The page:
Importantly, The implant releases a smaller amount or concentration of hormone than the pill and/or mini pill and the side effects occur less and are milder if they do occur.
If the implant is inserted within the first five days of your period/cycle, it offers immediate protection. If it is inserted after five days, it is advisable to use a condom or avoid sex for seven days. Condom use is always recommended for the prevention of STIs including HIV.
Unlike the injections, there is immediate return to fertility with removal of the implant. You also do not have to wait for 3 years to remove the implant, you visit your nearest healthcare provider for removal as you wish.
IUD- intrauterine device
Copper IUD (Cu IUD)
The IUCD is a small device made of plastic and copper that is inserted into the uterus. It is safe and highly effective at preventing pregnancy. The Cu IUD works by preventing sperm movement inside the uterus. It’s effectiveness runs for 10 years and is removed thereafter. The Cu IUD does not interfere with penetrative sex.
The Cu IUD offers immediate protection when inserted in the first 12 days of the cycle.
Return to fertility is immediate when the Cu IUD is removed.
- Menstrual changes. Periods might become heavier, longer and with cramps. These occur in the first 3-6 months.
After its insertion, one has to follow up at a healthcare facility at week 6 after the insertion and then at removal after 10 years, or at any time of choosing.
At the time of insertion, warning signs must be communicated which should prompt return to the healthcare facility. These are:
- Offensive or discoloured vaginal discharge
- Missed period
The mirena releases the hormone found in the implants and POP directly to the uterus and surrounding structures. This causes it to have fewer side effects compared to the hormonal methods. It is highly effective at preventing pregnancy. It lasts for 5 years.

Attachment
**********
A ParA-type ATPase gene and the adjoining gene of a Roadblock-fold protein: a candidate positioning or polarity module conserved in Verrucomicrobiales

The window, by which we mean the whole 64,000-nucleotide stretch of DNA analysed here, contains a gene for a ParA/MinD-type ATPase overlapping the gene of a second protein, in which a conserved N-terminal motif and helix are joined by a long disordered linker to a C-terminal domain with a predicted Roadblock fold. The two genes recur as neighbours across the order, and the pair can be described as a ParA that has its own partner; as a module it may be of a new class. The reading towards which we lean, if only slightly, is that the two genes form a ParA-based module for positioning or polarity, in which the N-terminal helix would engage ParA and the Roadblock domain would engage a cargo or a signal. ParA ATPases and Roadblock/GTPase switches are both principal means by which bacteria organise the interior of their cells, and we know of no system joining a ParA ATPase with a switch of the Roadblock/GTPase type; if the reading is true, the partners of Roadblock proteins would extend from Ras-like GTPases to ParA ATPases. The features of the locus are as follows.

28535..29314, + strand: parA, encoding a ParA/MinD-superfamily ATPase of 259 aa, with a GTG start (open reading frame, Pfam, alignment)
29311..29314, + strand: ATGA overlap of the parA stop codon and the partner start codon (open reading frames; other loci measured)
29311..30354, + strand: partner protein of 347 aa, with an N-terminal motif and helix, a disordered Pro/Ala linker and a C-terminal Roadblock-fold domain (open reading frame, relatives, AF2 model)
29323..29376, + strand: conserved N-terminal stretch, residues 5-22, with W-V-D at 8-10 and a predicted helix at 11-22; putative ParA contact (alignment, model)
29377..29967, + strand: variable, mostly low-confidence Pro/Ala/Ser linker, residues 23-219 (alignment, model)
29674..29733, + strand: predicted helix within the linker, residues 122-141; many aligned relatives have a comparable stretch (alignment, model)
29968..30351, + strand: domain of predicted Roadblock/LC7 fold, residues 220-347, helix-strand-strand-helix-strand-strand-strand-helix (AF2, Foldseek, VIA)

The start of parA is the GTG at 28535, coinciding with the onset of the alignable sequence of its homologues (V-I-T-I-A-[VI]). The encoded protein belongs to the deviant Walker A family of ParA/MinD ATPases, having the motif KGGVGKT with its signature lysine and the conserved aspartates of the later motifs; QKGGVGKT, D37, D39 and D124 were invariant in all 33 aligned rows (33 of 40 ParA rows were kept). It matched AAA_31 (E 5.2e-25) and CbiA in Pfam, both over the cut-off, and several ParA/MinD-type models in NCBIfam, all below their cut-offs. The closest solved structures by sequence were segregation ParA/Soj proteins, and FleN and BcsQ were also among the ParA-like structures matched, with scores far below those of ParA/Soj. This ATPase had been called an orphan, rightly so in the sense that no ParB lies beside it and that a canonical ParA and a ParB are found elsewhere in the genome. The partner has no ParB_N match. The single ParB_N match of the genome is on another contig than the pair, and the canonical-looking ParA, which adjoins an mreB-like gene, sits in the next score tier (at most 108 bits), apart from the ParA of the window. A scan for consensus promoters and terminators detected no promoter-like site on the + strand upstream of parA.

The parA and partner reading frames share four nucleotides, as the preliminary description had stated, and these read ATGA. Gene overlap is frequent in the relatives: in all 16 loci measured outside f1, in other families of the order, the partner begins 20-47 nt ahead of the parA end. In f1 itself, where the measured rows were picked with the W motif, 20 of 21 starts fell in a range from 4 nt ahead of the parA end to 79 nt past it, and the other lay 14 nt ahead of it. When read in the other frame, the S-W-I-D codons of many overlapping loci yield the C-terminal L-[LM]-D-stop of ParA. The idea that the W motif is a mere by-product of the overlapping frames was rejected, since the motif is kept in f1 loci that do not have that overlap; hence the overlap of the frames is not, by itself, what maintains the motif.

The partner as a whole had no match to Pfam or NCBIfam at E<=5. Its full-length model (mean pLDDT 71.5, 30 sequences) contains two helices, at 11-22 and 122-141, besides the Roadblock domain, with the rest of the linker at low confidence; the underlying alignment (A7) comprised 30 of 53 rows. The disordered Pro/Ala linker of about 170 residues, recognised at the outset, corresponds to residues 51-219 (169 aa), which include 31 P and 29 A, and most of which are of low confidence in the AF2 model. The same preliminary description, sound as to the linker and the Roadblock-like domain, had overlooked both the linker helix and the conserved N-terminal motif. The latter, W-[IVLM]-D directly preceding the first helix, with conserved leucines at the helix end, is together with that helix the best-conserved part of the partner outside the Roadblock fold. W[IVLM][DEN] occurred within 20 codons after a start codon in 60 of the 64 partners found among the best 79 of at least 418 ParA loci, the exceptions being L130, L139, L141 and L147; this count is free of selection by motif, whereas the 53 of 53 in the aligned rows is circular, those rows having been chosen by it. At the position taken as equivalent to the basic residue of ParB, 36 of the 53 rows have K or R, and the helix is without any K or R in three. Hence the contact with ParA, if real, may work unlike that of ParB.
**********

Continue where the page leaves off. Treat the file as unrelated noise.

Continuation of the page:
If the IUS is inserted within the first 7 days of your period/cycle, it offers immediate protection. if it is inserted after 7 days, it is advisable to use a condom or avoid sex for seven days. Condom use is always recommended for the prevention of STIs.
Return to fertility is immediate with removal.
Tubal ligation “Tying of tubes”
Tubal ligation is a permanent surgical method of contraceptive in which the fallopian tubes are tied using clips or rings. This prevents the sperm from reaching the ovaries. Due to this blockage, tubal ligation is effective immediately after the procedure at preventing pregnancy. The surgery is done under anaesthesia and is thus not painful.
Tubal ligation does not affect periods or sexual desire and sexual function.
Sperm is part of a mix called ejaculate. This mix is called semen. Semen is what is ejaculated from the penis during stimulation.
Vasectomy is a permanent surgical method of contraceptive in which ducts called vas deferens are cut. This prevents sperm from mixing with ejaculate. A vasectomy is done under anaesthesia and is thus not painful.
A vasectomy does not affect ability to get and maintain an erection, sexual desire or to ejaculate.
It takes on average 3 months for the ejaculate to be clear of sperm. It is advisable to wear condoms until then.
A common side effect for sterilisation methods of contraception is pain after the operation. This is managed by pain medication and the pain lasts for a few days.